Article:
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Quail Lane Studios
Can you hug a cactus? Many of them seem cute, almost huggable. And some even have cute names, like "teddy bear cholla", or "queen of the night". Their blossoms are often magnificent, with a riot of colors and shapes varying from the incredibly ornate to the simply improbable. We feature some of them here, together with agaves, aloes, yuccas and other pointed plants. We recommend that you hug just the art. Both you and the prickly things will be happier. Digitography is made for flowers and plants. Take a look. Be sure and check our other galleries as well; they overlap a little.
For your convenience, we've placed only a few images on each page of this gallery. When you are ready, go to page 2 or 3 in this Gallery, or use the tags at the top to view other galleries on our site and place your order.
April Flowers 2
April Flowers 2©. You have waited for many weeks. The hedgehog cacti bloomed nearly two months ago; the prickly pear bloomed a month back. The tall saguaros are even budding. But now, at last the enormous Easter Lilly echinopsis have bloomed with their enormous nearly 6 inch diameter flowers. Catch them quickly—they bloom at night and will be gone by noon.
Back in the Woods
Back in the Woods©. It’s early in a spring morning. Put on your exploring shoes and take a walk through the areas between and behind things. This is where you will find the amazing and unexpected to fill your senses. Every cactus flowers wonderfully, but many of the blooms are gone by mid-day.
Best Blooms© are those of a trichocereus cluster. These wonderful, short columnar cacti, typically bloom in April with enormous colorful and complex flowers. Each bloom begins at sundown and lasts no longer than the next mid-day. But by that time they have nourished countless insects, birds and bats. Not to mention nourishing our eyes. Here they are for your early morning pleasure.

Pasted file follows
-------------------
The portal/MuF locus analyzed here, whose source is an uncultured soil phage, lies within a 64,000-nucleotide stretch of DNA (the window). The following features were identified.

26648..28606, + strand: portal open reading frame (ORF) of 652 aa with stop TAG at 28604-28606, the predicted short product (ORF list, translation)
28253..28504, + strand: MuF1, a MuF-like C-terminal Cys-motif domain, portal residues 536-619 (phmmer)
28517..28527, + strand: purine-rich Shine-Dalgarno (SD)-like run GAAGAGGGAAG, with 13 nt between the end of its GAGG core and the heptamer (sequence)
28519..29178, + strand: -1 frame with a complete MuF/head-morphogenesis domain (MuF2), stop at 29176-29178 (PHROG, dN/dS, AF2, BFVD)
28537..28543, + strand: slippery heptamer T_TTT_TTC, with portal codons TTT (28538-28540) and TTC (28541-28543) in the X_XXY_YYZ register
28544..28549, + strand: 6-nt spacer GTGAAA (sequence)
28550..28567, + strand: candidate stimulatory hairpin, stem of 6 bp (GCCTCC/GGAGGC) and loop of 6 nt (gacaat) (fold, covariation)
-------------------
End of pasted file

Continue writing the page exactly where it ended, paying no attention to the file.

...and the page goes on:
Cactus Crowd©. It all began with a single Texas barrel cactus. Then the crowd began to grow with friends of the first guy. But finally a new kid decided to get in on the fun. Here a lush prickly pear has added itself to the mix, brightening it up with its bright yellow flowers. Be careful: even the new kid has sharp spines.
Cactus Garden©. Somewhere north of Tucson and East of Phoenix a little garden of fire barrel cactus and yucca is growing. This little garden is sprinkled with wild flowers accenting the rugged beauty of the cactus in every season. Let your eyes take a walk through this exciting garden.
Desert Wreath©. Despite the myth, barrel cacti don’t offer water for thirsty wanderers. Instead, the large rounded beauties patiently wait until most other cacti have finished their blooming. Then, when the time is ripe they produce a wealth of astonishing flowers seeming to be afire brightly in the sun and wreathing their center.
Five Star. Sometimes referred to as “Big Bertha” the echinopsis cactus grows magnificent white flowers that are eight to ten inches across. Here, five have clustered together from different branches of the same cactus. But their beauty only lasts for a single day. Tomorrow, new blossoms will open.
Full House. Trichocereus are unique cacti. Most will guarantee a few enormous blooms—but they bloom sequentially. Sometimes a few flowers will open together. This is the unlikely winning poker hand—a full house with 10 blossoms all in view together. Savor it now—you may never see a more lovely one.
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One last comment: We know these images are tempting; they are also copyrighted. Downloading for printing or other copying is expressly forbidden.